The British writer,
born in Trinidad, V(idiadhar) S(urajprasad) Naipaul was born in 1932 in
Chaguanas, close to the Port of Spain on Trinidad, in a family descended
from immigrants from the north of India. His grandfather worked in a sugar
cane plantation and his father was a journalist and writer. At the age
of 18 Naipaul travelled to England where, after studying at University
College at Oxford, he was awarded the degree of Bachelor of Arts in 1953.
From then on he continued to live in England (since the 70s in Wiltshire,
close to Stonehenge) but he has also spent a great deal of time travelling
in Asia, Africa and America. Apart from a few years in the middle of the
1950s, when he was employed by the BBC as a free-lance journalist, he
has devoted himself entirely to his writing.
Naipaul's works consist mainly of novels and short stories, but also include
some that are documentary. He is to a very high degree a cosmopolitan
writer, a fact that he himself considers to stem from his lack of roots:
he is unhappy about the cultural and spiritual poverty of Trinidad, he
feels alienated from India, and in England he is incapable of relating
to and identifying with the traditional values of what was once a colonial
The events in his earliest books take place in the West Indies. A few
years after the publication of his first work, The Mystic Masseur
(1957), came what is considered by many to be one of his most outstanding
novels, A House for Mr. Biswas (1961), in which the protagonist
is modelled on the author's father.
After the enormous success of A House for Mr. Biswas, Naipaul extended
the geographical and social perspective of his writing to describe with
increasing pessimism the deleterious impact of colonialism and emerging
nationalism on the third world, in for instance Guerrillas (1975)
and A Bend in the River (1979), the latter a portrayal of Africa
that has been compared to Conrad's Heart of Darkness.
In his travel books and his documentary works he presents his impressions
of the country of his ancestors, India, as in India : A Million Mutinies
Now (1990), and also critical assessments of Muslim fundamentalism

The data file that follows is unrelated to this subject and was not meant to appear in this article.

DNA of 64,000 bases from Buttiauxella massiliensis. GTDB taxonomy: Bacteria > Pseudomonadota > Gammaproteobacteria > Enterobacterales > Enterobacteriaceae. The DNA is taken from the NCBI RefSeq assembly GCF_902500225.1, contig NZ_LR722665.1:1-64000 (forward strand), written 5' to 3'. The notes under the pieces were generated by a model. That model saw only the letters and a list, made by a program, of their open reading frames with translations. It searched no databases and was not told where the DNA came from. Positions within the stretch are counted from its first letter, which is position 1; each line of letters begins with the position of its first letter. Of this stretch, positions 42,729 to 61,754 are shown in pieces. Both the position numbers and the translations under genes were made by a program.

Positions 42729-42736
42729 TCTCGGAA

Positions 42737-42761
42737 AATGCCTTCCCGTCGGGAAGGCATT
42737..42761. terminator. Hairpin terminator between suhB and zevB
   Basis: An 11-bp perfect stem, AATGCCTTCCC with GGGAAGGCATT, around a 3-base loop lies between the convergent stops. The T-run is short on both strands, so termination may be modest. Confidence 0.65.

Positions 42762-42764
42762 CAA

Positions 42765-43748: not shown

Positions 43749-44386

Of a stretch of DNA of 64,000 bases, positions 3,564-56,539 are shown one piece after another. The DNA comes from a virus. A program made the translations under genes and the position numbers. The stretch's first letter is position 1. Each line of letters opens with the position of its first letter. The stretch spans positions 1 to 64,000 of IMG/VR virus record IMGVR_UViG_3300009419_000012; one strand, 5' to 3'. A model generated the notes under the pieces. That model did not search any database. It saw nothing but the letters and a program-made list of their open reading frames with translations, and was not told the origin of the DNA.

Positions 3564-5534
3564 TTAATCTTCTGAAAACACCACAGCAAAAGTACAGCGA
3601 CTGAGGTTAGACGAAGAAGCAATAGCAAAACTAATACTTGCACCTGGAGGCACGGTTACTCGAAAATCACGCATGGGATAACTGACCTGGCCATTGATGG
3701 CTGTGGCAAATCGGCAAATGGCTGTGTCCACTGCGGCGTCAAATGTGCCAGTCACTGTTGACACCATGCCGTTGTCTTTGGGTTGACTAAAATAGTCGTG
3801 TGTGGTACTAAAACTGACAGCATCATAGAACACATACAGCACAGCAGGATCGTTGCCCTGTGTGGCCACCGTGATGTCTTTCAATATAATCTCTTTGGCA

in non-Arab countries such as Indonesia, Iran, Malaysia and Pakistan in
Among the Believers (1981) and Beyond Belief (1998).
The novels The Enigma of Arrival (1987) and A Way in the World
(1994) are to a great extent autobiographical. In The Enigma of Arrival
he describes how a landed estate in southern England and its proprietor,
with a colonial background and afflicted by a degenerative disease, gradually
decline before finally perishing. A Way in the World, which is
a cross between fiction, memoirs and history, consists of nine independent
but thematically linked narratives in which Caribbean and Indian traditions
are blended with the culture encountered by the author when he moved to
England at the age of 18.
V.S. Naipaul has been awarded a number of literary prizes, among them
the Booker Prize in 1971 and the T.S. Eliot Award for Creative Writing
in 1986. He is an honorary doctor of St. Andrew's College and Columbia
University and of the Universities of Cambridge, London and Oxford. In
1990 he was knighted by Queen Elizabeth.
A selection of
works by V.S. Naipaul
The Mystic Masseur. London: Deutsch, 1957.
Miguel Street. London: Deutsch, 1959.
A House for Mr. Biswas. London: Deutsch, 1961.
The Middle Passage : Impressions of Five Societies – British, French
and Dutch in the West Indies and South America. London: Deutsch, 1962.
Mr. Stone and the Knights Companion. London: Deutsch, 1963.
A Flag on the Island. London: Deutsch, 1967.
The Loss of El Dorado : A History. London: Deutsch, 1969.
In a Free State. London: Deutsch, 1971.
The Overcrowded Barracoon and Other Articles. London: Deutsch,
Guerrillas. London: Deutsch, 1975.
India : A Wounded Civilization. London: Deutsch, 1977.
A Bend in the River. London: Deutsch, 1979.
A Congo Diary. Los Angeles, CA: Sylvester & Orphanos, 1980.
Among the Believers : An Islamic Journey. London: Deutsch, 1981.
The Enigma of Arrival. London: Viking, 1987.
India : A Million Mutinies Now. London: Heinemann, 1990.
A Way in the World. London: Heinemann, 1994.
Beyond Belief : Islamic Excursions among the Converted Peoples.
London: Little, Brown, 1998.
Reading and Writing : A Personal Account. New York: New York Review
of Books, 2000.
Half a life. London: Picador, 2001.
Theroux, Paul, V.S.
Naipaul : an introduction to his work. London: Deutsch, 1972.
Hamner, Robert, V.S.
Naipaul. New York: Twayne, 1973.
on V.S. Naipaul. Ed. Robert D. Hamner. London: Heinemann, 1979.
Journey through darkness : the writing of V.S. Naipaul. St. Lucia:
Univ. of Queensland Press, 1987.
Hughes, Peter, V.S.
Naipaul. London: Routledge, 1988.
Jarvis, Kelvin, V.S.
Naipaul : a selective bibliography with annotations, 1957–1987. Metuchen,
N. J.: Scarecrow, 1989.
Kelly, Richard, V.S.
Naipaul. New York: Continuum, 1989.
Weiss, Timothy F.,
On the margins : the art of exile in V.S. Naipaul. Amherst: Univ.
of Massachusetts Press, 1992.
Self and colonial desire : travel writings of V.S. Naipaul. New
York: P. Lang, 1993.
King, Bruce, V.S.
Naipaul. Basingstoke: Macmillan, 1993.
Levy, Judith, V.S.
Naipaul : displacement and autobiography. New York: Garland, 1995.
V.S. Naipaul. Ed. Feroza Jussawalla. Jackson: Univ. Press of Mississippi,
Khan, Akhtar Jamal,
V.S. Naipaul : a critical study. New Delhi: Creative Books, 1998.
Theroux, Paul, Sir
Vidia's shadow : a friendship across five continents. Boston: Houghton
The Swedish Academy